The reaction of those on the right does not surprise me. I have a feeling that President Obama could go on a cross country tour, healing the sick, making the lame walk, and the blind eye to see, and the right would still find reason to criticize him.
And I am even less surprised by those on the left; perhaps nothing is as disillusioning and disheartening to one committed to peace as much as war and the rumors of war. And I am one committed to peace. Even as I write this, there hangs on the wall above my desk a quote from the Book of Isaiah which reads,
“The shall beat their swords into plough shears, and their spears into pruning hooks; nation shall not lift up sword against nation, neither shall they learn war anymore.”
However, even as I decry the rank turpitude inherent in war, I am pragmatic enough to recognize its inevitability. Men will have disputes; men will go to war. So it has been since the beginning of man. This knowledge, this indisputable truth, perhaps factored into the president’s decision.
But allow me to ask you a question. What do you think would happen if the president did as the left would have him do and pull all the troops out of
Would some deep and abiding peace suddenly settle over the region? Would the men, women, and children, the denizens of those countries, take to the streets dancing and singing and carrying olive branches and go home at the end of the day to enjoy a new found harmony?
Or would all hell break loose as the presence of American troops is replaced by an unparalleled struggle for power and control and the countries descend into completely chaotic conflagrations?
And if this is the case, who would be the biggest losers? Who would stand most in harm’s way? Would it be the most powerful and those most thirsty for power or would it be the weakest, the infirmed, the men, women, and children least able to flee the carnage that is bound to ensue?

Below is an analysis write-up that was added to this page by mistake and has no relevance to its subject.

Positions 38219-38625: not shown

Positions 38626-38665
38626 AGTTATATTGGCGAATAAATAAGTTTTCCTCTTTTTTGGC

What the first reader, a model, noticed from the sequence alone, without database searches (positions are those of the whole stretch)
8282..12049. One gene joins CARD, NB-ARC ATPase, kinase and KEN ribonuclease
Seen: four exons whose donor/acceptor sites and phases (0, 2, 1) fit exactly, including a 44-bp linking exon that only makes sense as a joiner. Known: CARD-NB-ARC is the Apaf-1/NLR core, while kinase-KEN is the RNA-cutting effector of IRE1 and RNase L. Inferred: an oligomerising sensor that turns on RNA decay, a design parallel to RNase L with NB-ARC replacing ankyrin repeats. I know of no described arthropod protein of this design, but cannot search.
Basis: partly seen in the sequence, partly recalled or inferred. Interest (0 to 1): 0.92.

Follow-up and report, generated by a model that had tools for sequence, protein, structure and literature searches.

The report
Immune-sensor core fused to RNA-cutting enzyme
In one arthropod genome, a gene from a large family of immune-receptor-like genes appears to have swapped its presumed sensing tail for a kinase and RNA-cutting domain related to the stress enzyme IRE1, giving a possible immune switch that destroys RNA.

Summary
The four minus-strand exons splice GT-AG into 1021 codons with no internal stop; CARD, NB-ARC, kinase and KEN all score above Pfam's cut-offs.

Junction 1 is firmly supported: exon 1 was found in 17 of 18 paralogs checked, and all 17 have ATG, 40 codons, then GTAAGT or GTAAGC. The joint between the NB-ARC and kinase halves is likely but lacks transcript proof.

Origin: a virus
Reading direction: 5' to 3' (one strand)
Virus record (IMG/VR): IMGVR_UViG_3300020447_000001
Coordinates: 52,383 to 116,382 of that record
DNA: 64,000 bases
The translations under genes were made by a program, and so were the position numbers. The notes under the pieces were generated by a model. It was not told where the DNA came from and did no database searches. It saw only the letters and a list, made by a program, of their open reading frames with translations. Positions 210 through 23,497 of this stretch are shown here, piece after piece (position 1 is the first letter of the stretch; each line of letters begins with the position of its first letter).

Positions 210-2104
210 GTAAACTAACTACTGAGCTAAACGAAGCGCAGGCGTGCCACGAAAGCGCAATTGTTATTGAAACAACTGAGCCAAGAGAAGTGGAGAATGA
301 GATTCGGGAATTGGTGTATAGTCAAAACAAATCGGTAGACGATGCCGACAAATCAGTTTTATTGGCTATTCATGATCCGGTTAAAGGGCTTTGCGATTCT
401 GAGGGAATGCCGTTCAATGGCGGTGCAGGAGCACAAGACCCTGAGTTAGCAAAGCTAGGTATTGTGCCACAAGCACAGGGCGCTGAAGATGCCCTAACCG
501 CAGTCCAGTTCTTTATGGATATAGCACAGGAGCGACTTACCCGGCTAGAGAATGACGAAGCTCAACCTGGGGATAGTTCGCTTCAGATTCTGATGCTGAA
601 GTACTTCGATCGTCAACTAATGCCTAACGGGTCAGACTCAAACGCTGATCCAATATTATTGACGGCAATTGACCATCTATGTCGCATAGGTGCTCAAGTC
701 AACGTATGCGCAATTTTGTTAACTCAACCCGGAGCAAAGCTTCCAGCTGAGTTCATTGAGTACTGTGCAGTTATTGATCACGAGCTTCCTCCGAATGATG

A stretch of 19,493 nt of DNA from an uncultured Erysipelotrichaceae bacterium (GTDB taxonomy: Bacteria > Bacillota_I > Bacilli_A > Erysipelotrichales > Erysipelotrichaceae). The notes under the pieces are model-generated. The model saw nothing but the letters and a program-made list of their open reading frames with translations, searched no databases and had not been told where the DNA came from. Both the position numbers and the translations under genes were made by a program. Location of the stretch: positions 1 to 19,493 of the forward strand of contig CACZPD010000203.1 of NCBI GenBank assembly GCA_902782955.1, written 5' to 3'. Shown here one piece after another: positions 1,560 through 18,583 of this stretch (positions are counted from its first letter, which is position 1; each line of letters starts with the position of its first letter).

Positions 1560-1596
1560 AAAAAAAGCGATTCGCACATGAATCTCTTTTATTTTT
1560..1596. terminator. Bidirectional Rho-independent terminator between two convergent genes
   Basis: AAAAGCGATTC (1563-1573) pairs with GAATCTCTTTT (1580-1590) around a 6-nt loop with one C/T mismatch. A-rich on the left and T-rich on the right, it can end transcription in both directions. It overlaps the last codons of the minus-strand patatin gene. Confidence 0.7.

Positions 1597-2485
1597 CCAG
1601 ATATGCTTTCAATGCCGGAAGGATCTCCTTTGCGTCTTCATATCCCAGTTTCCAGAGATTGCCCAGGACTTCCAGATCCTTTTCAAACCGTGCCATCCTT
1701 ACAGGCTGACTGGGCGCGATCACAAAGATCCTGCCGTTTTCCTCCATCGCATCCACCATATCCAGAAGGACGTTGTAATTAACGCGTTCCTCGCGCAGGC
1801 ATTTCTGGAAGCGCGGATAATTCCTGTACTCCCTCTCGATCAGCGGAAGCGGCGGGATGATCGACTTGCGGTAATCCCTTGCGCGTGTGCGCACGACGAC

Would we simply exchange one war for another or even others?
Alfred Nobel’s will dictated that the Nobel Prize for Peace be given to “a champion of peace.” And I apologize for my ignorance, but I am not fully aware of Mr. Nobel’s background. However, I am sure that in his wisdom and vision, he was pragmatic enough to realize that the pathway to peace must sometimes necessarily cut through a battlefield; however, recognance must be given to those burdened with the onus of facilitating such a perilous journey.
I have seen it written or heard it said many times that no one abhors war as does a soldier. And as a former soldier, I can verify the veracity of this statement.
There is nothing romantic about war. There is nothing noble about war. Every soldier knows this. Can you find the romance, the sense of nobility in being so frightened that the only thing you can taste in your mouth is the acrid, metallic taste of fear and your own bile, that your balls draw up into the pit of your stomach, or when success is defined by the untenable option of taking someone else’s life in order to spare your own?
I’m sure that the president must feel like this daily. I am sure that for the president this anxiety, this fear, is multiplied one time for every one soldier on the front line and in harm’s way. The power to send others off to war and possibly their death is a dreadful onus indeed. But heavy lays the head that wears the crown or that assumes the presidency.
May war soon be over and peace reign in its stead; I am sure only then will President Obama be able to fully appreciate this award.